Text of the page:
Phillips Idowu has been eliminated from the men's triple jump at London 2012.
Britain's Olympic 2008 silver medallist recorded 16.47m with his first jump before stuttering on his second run-up and registering a no jump.
That left him outside the 12 qualification spots going into his final effort - and a last jump of 16.53m was nine centimetres short.
Idowu devastated by Olympic exit
Idowu, 33, arrived in the Olympic village on Monday after missing Team GB's training camp in Portugal.
"I knew I would be rusty because it's been a while. Conditions were difficult because of the wind and I knew that would be a factor, but that wasn't me out there today," said Idowu. "I've competed for 12 years and I can't remember a time I've performed that badly.
"I'm guessing I will need surgery at the end of this season. I'll call it a day and wrap up the season. I wanted to battle for gold, but now I'll go home and reassess and try not to be down about my performance. It's over and there's nothing I can do.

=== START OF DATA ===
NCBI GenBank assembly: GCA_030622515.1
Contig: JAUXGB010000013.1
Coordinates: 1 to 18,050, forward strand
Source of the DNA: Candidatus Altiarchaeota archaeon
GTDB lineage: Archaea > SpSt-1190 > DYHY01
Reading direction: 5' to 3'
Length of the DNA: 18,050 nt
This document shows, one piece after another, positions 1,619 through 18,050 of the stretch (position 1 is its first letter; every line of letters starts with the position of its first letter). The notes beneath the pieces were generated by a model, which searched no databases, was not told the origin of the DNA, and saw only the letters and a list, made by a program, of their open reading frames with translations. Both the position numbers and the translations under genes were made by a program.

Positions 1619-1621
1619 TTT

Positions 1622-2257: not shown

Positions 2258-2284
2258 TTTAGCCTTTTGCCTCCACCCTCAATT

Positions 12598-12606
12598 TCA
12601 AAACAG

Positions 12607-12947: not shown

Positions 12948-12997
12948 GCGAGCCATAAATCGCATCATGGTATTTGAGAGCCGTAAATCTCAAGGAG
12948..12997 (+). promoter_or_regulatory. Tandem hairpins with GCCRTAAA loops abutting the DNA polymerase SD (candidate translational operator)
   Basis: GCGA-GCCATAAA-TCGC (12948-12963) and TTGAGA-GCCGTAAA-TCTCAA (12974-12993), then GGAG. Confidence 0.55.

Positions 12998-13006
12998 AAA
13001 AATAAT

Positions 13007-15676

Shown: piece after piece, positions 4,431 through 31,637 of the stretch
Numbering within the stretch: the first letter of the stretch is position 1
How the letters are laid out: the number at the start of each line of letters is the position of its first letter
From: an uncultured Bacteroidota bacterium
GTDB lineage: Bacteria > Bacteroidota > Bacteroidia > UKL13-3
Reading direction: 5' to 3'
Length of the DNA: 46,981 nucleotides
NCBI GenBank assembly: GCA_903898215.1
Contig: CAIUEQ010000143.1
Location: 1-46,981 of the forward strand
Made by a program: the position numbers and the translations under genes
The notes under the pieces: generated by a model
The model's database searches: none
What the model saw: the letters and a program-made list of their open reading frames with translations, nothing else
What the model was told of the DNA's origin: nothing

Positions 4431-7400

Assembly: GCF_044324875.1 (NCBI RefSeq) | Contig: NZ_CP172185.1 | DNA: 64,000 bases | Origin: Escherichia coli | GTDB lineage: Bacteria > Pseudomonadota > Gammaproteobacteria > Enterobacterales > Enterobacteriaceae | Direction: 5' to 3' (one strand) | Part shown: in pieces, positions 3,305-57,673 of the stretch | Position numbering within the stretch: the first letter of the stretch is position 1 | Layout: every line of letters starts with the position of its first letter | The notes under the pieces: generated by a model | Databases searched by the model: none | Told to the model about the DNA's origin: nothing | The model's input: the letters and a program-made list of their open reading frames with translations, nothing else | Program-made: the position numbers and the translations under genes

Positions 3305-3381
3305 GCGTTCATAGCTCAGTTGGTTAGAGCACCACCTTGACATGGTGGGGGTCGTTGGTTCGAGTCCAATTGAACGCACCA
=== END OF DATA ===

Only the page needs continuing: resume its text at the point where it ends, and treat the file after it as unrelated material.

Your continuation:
"The crowd have been great. I'm upset that I let them down. All year I've been tagged as a medal favourite and I haven't got the chance to go out there and do it."
Idowu eventually missed out on the final spot to Dzmitry Platnitski of Belarus, who jumped 16.62m.
"It is easy to go it was all about Phillips Idowu and not Team GB, but you who brought his injury into the media eye in the first place?
"As an athlete, the last thing you want to do is tell your opposition you have a problem. You give yourself the best chance to get back on track and perform at your best. You are not going to go to everybody and say you are not fit. Why would you do that?"
Idowu's pre-Games whereabouts had been a concern, with athletics head coach Charles van Commenee, who has had an uneasy relationship with Idowu since the jumper pulled out of last year's European Team Championships, saying his chances of winning a medal
had been compromised
by "going missing".
Idowu had not jumped since 1 June and pulled out of meetings in Oslo, Paris and London, as well as the Olympic trials in Birmingham.
He looked short of confidence and rhythm during his three jumps and his failure to qualify as he finished in 14th place left the crowd hushed.
American Christian Taylor qualified top with an effort of 17.21m, while Leevan Sands of the Bahamas was second with 17.17m.
who took bronze in the long jump behind Britain's Greg Rutherford
and has jumped 17.55m this year, also struggled but the American's final jump of 16.87m was enough for him to qualify in seventh.